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MNI:Fed Aims For Slow Balance Sheet Runoff To Keep Market Calm

(MNI) WASHINGTON

Federal Reserve officials are coalescing around a gradualist, highly telegraphed approach to reducing its USD8.7 trillion balance sheet, though debate on the extent and pace of runoffs and eventual sales is still incipient, ex-Fed officials and staffers told MNI.

“They’re not going to take too much of a risk of disrupting markets because they don’t want to cause a liquidity squeeze,” said Randall Kroszner, a former Fed governor, in an interview.

Policymakers are uncertain about the market effects of quantitative tightening -- and still smarting from turbulent prior attempts to substantially reduce the amount of reserves in the banking system.

“The last thing they want to do is have to go back in and start buying assets because they started putting them on the market too quickly, ” Kroszner said.

He thinks the Fed will tighten monetary policy in at least five of its remaining seven meetings this year, though one or two of those moves may relate to balance sheet announcements.

Jeffrey Lacker, former president of the Richmond Fed, said the Fed’s acknowledgement of the relatively weak effects of balance sheet policy would reinforce the argument for moving as glacially as possible -- even though his own hawkish propensities might suggest a more aggressive course.

“They may now view asset purchases as having only a marginal effect on market rates, and if so they are likely to delay running off the portfolio,” said Lacker.

“Add to that the extent to which some observers have attributed the temporary bobble in repo markets in September 2019 to the small earlier decline in Fed asset holdings, and the Fed is likely to be exceptionally cautious about reducing the overall size of its portfolio.”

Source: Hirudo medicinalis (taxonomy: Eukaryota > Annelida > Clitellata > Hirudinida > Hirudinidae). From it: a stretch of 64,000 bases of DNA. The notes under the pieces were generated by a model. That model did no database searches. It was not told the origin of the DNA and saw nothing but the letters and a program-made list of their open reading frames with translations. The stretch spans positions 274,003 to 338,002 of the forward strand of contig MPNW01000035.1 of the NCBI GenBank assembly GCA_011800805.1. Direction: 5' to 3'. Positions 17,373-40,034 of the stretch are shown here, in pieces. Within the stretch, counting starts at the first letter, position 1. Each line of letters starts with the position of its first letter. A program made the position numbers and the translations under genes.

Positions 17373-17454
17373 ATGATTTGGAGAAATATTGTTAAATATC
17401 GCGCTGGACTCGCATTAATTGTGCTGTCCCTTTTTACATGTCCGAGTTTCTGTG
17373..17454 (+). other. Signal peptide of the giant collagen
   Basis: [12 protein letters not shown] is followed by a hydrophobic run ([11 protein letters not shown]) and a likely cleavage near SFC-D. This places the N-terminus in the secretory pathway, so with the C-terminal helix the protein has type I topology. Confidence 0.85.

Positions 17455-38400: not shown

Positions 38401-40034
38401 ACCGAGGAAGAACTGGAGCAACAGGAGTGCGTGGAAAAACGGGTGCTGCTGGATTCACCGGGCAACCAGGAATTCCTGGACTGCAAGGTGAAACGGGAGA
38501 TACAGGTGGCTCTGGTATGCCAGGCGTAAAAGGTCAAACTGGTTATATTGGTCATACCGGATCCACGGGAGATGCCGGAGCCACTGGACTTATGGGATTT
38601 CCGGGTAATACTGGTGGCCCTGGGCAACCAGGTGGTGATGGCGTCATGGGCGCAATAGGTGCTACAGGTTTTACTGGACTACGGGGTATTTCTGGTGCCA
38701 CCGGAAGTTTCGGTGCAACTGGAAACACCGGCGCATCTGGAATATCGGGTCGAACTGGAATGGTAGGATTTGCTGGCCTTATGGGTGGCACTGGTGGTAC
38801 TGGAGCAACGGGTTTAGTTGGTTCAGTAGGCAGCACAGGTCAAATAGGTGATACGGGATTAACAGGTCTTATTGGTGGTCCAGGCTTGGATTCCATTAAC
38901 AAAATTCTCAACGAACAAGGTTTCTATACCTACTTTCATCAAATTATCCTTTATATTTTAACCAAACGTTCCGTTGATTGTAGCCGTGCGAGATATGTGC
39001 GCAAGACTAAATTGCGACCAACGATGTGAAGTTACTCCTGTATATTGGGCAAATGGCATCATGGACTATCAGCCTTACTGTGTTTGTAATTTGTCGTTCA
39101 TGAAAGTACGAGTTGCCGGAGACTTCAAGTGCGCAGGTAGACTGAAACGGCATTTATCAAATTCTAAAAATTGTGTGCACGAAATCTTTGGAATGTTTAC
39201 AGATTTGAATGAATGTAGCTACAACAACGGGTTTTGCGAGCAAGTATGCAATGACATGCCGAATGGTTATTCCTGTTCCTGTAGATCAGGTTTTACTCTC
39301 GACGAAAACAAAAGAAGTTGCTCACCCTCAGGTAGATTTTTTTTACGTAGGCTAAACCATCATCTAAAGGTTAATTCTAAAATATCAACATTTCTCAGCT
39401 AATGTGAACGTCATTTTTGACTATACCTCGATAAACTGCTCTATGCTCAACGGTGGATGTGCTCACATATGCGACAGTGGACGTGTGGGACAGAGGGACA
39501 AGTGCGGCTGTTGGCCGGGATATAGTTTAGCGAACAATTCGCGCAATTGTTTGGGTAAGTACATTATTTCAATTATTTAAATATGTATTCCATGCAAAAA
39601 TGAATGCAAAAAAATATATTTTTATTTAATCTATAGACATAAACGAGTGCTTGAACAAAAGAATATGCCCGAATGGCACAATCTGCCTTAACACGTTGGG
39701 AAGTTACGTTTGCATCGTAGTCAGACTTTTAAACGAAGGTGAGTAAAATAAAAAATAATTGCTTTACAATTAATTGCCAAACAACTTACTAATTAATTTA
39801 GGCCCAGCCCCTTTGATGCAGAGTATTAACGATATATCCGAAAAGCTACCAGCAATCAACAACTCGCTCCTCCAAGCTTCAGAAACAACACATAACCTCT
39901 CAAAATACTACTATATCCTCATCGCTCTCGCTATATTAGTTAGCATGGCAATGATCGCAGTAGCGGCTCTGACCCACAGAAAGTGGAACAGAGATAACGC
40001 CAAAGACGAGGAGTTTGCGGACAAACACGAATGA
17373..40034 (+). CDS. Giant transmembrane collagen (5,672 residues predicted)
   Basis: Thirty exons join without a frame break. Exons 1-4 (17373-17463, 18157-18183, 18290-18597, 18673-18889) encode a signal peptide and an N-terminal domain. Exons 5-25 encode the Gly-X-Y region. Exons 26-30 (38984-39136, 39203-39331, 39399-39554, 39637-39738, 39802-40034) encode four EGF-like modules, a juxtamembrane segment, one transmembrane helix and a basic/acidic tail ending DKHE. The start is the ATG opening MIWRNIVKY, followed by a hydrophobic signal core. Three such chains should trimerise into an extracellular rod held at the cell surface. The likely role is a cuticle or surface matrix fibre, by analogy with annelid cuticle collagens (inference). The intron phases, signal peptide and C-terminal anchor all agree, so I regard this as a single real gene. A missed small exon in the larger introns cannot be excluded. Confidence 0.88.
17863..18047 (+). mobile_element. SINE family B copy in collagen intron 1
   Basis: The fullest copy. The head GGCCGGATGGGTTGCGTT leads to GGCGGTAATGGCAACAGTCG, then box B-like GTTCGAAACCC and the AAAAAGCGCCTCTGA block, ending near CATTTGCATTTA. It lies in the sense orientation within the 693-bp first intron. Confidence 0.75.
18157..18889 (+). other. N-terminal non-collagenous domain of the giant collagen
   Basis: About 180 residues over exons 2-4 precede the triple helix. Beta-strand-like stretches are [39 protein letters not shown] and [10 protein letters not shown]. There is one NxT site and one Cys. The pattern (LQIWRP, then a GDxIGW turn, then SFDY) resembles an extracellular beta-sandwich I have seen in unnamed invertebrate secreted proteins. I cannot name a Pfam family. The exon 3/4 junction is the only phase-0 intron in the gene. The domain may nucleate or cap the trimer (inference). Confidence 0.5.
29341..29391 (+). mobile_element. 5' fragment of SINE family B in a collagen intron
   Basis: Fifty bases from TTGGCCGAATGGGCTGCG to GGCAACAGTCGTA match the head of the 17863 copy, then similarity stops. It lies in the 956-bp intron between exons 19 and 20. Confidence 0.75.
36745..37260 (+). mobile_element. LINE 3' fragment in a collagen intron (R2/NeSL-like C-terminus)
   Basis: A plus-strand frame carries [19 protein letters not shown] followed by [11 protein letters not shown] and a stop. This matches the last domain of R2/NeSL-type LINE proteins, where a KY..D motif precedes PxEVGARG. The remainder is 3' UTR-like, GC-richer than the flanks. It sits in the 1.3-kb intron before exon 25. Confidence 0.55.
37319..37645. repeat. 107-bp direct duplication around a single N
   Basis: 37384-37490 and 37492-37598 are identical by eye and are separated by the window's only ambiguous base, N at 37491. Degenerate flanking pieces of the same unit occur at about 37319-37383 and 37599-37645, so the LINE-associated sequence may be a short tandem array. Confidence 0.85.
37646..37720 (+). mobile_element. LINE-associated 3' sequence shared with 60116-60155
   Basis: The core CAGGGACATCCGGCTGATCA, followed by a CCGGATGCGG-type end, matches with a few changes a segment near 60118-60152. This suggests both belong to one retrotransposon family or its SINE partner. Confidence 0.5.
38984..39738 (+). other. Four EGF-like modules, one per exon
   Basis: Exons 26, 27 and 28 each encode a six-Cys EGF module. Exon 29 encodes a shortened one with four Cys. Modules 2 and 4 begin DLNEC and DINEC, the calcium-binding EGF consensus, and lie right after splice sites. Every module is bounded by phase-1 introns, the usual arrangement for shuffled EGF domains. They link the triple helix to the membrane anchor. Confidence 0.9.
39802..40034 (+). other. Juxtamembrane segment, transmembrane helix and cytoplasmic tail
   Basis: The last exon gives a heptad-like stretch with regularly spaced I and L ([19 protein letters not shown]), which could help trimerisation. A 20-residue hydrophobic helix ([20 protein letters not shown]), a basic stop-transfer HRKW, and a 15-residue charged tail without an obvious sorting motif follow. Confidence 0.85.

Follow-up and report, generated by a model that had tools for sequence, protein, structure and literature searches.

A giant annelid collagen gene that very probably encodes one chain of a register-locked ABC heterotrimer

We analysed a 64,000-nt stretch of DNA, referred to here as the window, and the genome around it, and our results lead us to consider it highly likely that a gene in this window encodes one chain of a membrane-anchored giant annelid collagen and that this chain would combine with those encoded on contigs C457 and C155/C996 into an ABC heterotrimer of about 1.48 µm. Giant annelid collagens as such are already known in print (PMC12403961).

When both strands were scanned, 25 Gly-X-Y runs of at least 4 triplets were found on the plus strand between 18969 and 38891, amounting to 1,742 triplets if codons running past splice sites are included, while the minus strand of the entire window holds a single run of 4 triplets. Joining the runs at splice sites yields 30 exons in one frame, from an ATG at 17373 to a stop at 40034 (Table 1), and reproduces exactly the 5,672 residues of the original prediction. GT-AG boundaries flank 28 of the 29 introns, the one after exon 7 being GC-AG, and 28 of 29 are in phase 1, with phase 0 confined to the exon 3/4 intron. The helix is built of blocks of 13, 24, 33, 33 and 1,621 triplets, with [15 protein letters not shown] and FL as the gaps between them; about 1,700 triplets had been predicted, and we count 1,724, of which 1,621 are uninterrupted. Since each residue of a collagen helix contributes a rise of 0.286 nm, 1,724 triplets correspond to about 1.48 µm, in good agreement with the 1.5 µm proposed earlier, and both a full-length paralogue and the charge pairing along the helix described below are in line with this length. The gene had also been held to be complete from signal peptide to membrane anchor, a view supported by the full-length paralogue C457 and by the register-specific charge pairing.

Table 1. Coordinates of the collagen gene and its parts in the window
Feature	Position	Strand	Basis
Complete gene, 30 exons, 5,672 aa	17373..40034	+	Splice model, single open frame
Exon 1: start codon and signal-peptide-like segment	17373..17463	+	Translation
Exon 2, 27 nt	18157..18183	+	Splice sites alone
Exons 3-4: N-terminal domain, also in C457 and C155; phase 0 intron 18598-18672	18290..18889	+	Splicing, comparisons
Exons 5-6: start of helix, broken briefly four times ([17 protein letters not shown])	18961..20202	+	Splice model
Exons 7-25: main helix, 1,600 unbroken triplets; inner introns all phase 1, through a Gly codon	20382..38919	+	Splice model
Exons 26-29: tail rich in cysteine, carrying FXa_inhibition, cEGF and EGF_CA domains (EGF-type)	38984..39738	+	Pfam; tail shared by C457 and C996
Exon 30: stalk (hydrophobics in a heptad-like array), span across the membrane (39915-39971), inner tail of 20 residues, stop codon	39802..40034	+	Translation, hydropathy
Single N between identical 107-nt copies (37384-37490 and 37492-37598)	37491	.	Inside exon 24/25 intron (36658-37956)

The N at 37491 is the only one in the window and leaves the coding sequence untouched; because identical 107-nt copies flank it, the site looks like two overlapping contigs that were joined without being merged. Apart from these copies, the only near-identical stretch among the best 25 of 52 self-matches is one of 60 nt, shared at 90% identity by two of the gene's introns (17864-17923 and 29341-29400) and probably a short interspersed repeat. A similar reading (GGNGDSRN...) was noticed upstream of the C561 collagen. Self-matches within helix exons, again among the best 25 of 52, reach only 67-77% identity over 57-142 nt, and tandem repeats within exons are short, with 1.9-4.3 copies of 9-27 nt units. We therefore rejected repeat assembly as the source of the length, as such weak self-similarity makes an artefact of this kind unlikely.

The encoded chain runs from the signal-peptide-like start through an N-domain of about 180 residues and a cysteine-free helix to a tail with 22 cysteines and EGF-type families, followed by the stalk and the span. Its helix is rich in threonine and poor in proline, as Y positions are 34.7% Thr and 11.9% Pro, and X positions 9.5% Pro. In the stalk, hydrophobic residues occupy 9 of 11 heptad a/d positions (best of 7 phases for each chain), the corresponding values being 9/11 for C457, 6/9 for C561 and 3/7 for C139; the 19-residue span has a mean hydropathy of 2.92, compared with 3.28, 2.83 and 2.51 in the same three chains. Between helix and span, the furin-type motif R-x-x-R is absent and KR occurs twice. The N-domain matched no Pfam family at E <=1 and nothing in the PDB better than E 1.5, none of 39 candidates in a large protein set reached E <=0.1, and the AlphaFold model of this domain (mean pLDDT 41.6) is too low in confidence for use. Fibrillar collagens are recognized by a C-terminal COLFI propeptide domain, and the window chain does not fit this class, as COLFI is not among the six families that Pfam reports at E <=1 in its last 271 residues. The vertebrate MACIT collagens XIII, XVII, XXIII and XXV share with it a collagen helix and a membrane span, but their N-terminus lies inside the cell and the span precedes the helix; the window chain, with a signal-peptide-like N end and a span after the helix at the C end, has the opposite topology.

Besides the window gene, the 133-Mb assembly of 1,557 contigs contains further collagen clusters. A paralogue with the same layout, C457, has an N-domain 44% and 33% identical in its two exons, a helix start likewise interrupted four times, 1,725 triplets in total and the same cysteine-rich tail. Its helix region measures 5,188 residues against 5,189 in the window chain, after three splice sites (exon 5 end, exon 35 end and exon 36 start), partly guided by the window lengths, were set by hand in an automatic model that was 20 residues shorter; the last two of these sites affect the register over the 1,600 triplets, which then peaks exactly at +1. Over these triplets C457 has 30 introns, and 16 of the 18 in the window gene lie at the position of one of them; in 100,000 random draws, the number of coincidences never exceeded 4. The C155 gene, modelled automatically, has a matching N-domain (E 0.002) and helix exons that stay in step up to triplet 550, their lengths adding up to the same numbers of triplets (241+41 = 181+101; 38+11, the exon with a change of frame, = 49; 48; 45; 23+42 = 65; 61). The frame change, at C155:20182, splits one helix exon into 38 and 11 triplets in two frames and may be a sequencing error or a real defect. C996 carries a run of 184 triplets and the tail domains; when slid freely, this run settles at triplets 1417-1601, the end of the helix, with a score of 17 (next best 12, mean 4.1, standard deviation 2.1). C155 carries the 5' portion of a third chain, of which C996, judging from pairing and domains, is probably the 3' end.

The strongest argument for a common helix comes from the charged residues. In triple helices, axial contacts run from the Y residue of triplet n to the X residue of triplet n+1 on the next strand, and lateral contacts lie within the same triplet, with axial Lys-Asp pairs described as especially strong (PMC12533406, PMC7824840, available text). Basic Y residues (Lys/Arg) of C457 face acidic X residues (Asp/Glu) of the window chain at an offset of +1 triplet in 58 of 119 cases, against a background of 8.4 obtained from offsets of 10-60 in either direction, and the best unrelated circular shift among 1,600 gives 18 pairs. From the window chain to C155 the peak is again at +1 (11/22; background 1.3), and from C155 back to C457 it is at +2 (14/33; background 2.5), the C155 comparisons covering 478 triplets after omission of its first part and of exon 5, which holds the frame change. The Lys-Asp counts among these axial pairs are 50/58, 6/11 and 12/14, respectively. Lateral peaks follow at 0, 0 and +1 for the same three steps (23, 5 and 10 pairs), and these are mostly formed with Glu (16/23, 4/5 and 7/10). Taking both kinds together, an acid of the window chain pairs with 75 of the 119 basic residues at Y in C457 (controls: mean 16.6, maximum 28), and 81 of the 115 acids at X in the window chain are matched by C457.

Ex-officials and staffers declined to specify a runoff rate at this point and market estimates vary quite widely -- from a terminal pace of just USD60 billion per month all the way to USD100 billion per month.

RANGE OF VIEWS

Atlanta Fed President Raphael Bostic has come out as the most hawkish on the balance sheet, calling for a rapid monthly reduction of USD100 billion. Kansas City Fed President Esther George also recently outlined the ways in which the Fed’s efforts at gradualism may be tested.

“More aggressive action on the balance sheet could allow for a shallower path for the policy rate,” George told the Economic Club of Indianapolis. “Alternatively, combining a relatively steep path of rate increases with relatively modest reductions in the balance sheet could flatten the yield curve and distort incentives for private sector intermediation.”

While the debate over how to implement a new balance sheet exit strategy is just beginning, the two hawks are still in a minority. The last time the Fed wound down its balance sheet in 2017, officials allowed assets to run off at USD10 billion a month, gradually increasing the pace to USD50 billion a month over the course of a year. By mid-2019, with insurance rate cuts looming, the Fed ceased its rundown.

Raphael Schoenle, former deputy director of the Cleveland Fed’s Center for Inflation Research and a professor at Brandeis University, thinks balance sheet policy is just not ready for primetime in terms of being used strategically and surgically as a tightening tool.

“Before we see any strong innovation, I think policymakers will be very cautious to put this into development,” Schoenle said.

Victor Li, a former senior Atlanta Fed economist now at Villanova University, said the Fed must proceed with caution.

“Scaling back Fed owned long-term Treasuries and mortgage backed securities will have a greater impact on mortgage rates and hence the housing market," he said. "It is well known that residential investment is a leading economic indicator.”

MNI Washington Bureau | +1 202 371 2121 | pedro.dacosta@marketnews.com
MNI Washington Bureau | +1 202 371 2121 | pedro.dacosta@marketnews.com

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